Despite a warning from skiers who had turned back after triggering an avalanche south of Cooke City on Saturday, a Bozeman backcountry skier and his wife pressed on and eventually triggered a slide that killed 44-year-old Dave Gaillard.
The warning came to light in the Gallatin National Forest Avalanche Center's fatality report, released Thursday afternoon.
The report also noted that although Gaillard and his wife, Terry, possessed avalanche transceivers, which are used to locate a buried avalanche victim, Kerry's unit was not working well, possibly because it was old and the batteries were weak.
After the slide, which occurred around 2:20 p.m., Kerry Gaillard worked desperately until about 5 p.m. trying to locate her husband before skiing to Cooke City at twilight to report the incident to Cooke City Search and Rescue.
"We see it time and time again," said Mark Staples of the center. "It's rare that things are subtle. We see the clues, but we choose to ignore them. I've been guilty of it, too."
A 22-year veteran of backcountry skiing, Gaillard had taken an introductory field course on avalanche danger, so he was somewhat familiar with the risks. Terry was a novice. The two were using an out-of-print guide book to choose their route and looking for a place to have lunch when the avalanche occurred.
The center issued a warning Friday of high avalanche danger in the area after 3 feet of snow fell in 72 hours. When the slide released, it broke 1 to 4 feet deep across an 800-foot-wide fracture line and ran 250 vertical feet downhill.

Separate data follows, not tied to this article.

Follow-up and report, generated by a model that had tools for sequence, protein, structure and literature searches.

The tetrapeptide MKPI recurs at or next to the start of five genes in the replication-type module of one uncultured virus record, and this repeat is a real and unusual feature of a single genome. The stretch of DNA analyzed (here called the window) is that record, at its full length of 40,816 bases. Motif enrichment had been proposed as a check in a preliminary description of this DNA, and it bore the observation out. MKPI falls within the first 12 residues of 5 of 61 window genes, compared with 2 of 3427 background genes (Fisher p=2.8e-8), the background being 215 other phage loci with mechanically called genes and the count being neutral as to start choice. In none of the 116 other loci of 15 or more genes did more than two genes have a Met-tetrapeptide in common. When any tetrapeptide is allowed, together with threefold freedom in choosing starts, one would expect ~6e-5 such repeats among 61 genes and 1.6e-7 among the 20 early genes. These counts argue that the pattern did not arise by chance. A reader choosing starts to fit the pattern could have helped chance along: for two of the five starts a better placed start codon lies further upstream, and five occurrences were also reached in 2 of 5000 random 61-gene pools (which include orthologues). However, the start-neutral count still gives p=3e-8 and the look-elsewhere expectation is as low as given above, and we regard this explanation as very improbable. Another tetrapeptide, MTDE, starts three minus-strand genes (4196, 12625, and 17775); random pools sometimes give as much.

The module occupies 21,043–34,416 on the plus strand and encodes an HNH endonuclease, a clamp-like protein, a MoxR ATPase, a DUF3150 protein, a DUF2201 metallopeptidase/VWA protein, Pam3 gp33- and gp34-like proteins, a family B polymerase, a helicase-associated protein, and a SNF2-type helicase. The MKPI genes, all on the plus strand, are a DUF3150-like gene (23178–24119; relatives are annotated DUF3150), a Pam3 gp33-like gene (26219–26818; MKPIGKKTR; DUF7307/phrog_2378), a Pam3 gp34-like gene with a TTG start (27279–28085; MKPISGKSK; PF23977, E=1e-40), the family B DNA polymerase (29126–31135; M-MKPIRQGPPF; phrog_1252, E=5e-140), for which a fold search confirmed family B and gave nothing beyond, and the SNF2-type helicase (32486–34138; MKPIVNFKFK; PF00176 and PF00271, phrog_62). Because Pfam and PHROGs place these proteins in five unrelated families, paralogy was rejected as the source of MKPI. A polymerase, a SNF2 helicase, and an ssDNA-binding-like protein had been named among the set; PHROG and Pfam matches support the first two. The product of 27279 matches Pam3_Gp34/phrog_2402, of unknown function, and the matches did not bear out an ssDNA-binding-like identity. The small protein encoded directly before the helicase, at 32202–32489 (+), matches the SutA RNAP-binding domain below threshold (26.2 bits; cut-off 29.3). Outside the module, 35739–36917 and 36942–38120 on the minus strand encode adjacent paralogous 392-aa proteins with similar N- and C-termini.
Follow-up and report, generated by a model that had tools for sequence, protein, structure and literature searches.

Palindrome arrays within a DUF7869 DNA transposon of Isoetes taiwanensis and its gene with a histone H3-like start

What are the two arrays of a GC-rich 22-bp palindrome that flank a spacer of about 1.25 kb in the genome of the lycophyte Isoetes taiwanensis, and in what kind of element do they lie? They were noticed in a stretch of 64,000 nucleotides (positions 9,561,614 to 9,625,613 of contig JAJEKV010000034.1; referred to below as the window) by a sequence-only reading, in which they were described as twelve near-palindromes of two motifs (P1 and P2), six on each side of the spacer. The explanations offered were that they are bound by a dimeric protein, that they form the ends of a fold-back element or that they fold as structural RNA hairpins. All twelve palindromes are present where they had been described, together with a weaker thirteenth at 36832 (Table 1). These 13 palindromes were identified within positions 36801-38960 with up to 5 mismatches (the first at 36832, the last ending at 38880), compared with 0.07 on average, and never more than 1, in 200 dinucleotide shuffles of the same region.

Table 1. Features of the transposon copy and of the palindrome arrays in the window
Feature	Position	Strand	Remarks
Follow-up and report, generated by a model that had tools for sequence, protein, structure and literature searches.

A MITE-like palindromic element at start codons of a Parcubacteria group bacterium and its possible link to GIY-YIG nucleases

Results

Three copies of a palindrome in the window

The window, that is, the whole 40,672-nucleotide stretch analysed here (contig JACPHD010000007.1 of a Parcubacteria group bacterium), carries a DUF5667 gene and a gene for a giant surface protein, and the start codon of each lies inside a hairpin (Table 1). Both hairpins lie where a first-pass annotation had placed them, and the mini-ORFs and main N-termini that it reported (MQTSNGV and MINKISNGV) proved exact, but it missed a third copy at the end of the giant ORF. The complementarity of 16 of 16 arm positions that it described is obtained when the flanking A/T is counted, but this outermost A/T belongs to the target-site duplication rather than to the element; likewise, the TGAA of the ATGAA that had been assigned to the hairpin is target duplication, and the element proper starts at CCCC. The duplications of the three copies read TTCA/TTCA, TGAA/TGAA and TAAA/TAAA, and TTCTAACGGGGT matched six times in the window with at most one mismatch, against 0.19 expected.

Earlier on the same day, snowmobiler Jody Ray Verhasselt, 46, of Sidney, was buried in an avalanche on a northeast-facing slope in Fisher Creek. Although Verhasselt was dug out within 10 to 12 minutes, he did not survive.
Eric Knoff, of the Avalanche Center, saw that avalanche occur and wrote the fatality report. The slide broke 1 to 4 feet deep across 300 to 400 feet and ran 1,000 feet downhill. The slide happened when Verhasselt blazed a trail up the side of Mount Henderson, an area with which he was familiar. When the slide broke, Verhasselt turned his machine downhill and attempted to outrun it.
The slide caught Verhasselt and carried him an estimated 500 to 600 vertical feet, burying his snowmobile except for one ski and burying him, except for his boot. While one member of Verhasselt's party went for help, his son worked to dig him out. Verhasselt's head was buried 2 to 3 feet deep. Although he was uncovered in 10 to 12 minutes, he was unconscious and had no pulse. CPR was attempted for 20 to 25 minutes, but Verhasselt could not be revived.
A third man also was killed in an avalanche over the weekend. Jasen Kellogg, 20, of Butte was snowmobiling east of Red Lion, near Georgetown Lake, on Sunday when he was buried.
Snowpack remains weak across southern Montana following heavy snows last week that led to the deaths of the three men.
"It would be easy to think that it's so warm that it's making the snowpack better, helping it bond," said Mark Staples of the Gallatin National Forest Avalanche Center in Bozeman. "But anything other than direct sunlight on a south-facing slope, it was still powder."
Staples said the warm weather will help in the long run, but unfortunately there's no way to predict how long it could take for conditions to become more stable.
"Overall the message is: We could be dealing with these instabilities for the rest of the season," he said.